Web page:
After a long day of hunter gathering, it was unlikely that I would have led discussion groups about current investment opportunities while sitting in a cave.
There is a good chance that I would have thought about trading some of my hunted-and-gathered assets for something I needed.
I may have thought about trading furs for timber and coal, or maybe even the shiny gold-coloured stuff dug out from the rock. Welcome to the first commodities exchange.
Midas touch: Commodities have a broad reach from ‘hard’ assets such as gold and iron ore, through to ‘soft’ ones including orange juice and wheat
What are commodities?
Commodities have a broad reach from ‘hard’ assets such as gold and iron ore, through to ‘soft’ ones including orange juice and wheat.
These assets are generally consumable in that they can be used to make other things, or eaten as food.
They are an attractive asset as there is often going to be a demand for them. This can often be followed in the news as they are affected weather-wise or by political issues.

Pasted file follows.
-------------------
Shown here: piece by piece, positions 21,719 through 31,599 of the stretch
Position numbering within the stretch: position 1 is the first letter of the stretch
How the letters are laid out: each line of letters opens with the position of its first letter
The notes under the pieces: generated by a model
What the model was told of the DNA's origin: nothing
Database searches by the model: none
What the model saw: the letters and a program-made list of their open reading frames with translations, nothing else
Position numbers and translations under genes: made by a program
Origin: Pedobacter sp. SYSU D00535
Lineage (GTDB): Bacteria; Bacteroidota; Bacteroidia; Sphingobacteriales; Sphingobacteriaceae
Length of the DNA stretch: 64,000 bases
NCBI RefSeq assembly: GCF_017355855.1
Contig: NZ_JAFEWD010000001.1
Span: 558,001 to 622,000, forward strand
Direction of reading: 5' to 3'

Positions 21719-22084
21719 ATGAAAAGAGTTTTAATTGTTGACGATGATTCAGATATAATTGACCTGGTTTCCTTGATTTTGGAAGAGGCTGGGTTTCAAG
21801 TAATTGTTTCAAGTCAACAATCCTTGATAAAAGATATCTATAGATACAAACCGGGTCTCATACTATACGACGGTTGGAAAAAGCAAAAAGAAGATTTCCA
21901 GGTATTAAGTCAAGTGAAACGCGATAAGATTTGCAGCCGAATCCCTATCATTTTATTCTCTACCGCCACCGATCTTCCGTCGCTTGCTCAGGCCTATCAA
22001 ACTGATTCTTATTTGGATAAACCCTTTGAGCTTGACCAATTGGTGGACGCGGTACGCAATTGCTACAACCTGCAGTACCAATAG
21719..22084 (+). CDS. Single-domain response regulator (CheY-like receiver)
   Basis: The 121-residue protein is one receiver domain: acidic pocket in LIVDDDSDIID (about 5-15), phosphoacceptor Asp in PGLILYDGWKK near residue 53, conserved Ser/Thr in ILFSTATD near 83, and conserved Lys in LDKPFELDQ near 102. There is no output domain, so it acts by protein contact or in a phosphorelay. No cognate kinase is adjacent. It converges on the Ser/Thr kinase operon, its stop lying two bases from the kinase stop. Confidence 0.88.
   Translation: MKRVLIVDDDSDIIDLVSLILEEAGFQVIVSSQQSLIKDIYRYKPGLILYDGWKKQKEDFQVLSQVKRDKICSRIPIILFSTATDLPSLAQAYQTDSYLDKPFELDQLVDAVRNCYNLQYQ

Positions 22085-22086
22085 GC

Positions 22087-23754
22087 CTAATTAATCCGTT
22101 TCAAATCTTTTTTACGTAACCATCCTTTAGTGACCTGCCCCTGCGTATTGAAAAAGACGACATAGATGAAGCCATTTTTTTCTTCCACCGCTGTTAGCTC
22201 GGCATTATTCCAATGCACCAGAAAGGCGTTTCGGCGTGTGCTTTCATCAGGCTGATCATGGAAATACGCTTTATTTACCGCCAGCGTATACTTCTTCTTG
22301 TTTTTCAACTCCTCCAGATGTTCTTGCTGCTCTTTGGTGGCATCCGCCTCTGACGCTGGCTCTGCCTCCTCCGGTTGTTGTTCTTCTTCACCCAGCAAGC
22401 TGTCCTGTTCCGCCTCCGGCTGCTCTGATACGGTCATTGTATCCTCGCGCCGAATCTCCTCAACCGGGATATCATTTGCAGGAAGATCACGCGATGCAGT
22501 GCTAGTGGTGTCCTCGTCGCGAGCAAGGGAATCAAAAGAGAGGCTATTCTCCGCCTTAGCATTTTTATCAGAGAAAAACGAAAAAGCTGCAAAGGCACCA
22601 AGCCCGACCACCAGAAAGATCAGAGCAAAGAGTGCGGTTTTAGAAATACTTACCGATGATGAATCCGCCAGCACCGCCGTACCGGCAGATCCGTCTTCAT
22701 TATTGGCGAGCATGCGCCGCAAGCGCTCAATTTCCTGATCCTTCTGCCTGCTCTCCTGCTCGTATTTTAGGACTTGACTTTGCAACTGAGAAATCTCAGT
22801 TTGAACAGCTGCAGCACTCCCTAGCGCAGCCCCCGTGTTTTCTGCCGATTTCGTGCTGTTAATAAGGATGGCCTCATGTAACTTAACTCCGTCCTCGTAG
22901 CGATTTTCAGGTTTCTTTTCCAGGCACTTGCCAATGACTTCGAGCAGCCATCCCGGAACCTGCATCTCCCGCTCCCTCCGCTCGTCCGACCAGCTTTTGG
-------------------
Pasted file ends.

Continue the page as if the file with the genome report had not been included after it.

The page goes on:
What should we do?
The picture conjured up of commodity investing is often that of men in striped jackets shouting at one another, as perfectly illustrated in the 1983 Dan Aykroyd-Eddie Murphy film, Trading Places. It doesn’t have to be that way! I will be focusing on the hard’ commodities at the moment and will move on to gold and other commodities later.
A commodity fund will give you exposure and allow you to invest in many different stocks. This is a highly developed market so you have many options.
If you have a clear view of a particular asset such as oil or gas, you can invest directly in a single commodity such as copper or iron ore. However, you will have less diversity.
There are many managed funds. However, you should carefully examine what they are investing in. It is not just the commodity price that will impact your investment but any political issues such as Russia’s behavior regarding its Nord Stream gas pipe.
Because these assets are often priced using US dollars, any currency movement will have an impact.
The JPM Natural Resources Fund covers investments in natural resources, including oil and gas. It costs 1.2 percent per annum.
Passive ETF markets can be a great alternative, but it is not an index tracker.
The Invesco Bloomberg Commodity ETF UCITS ETF fits this bill with a management fee of 0.19 percent.
Put on your tin hats.
Justin Urquhart Stewart is the co-founder of fund manager 7IM, and is also the chairman of Regionally.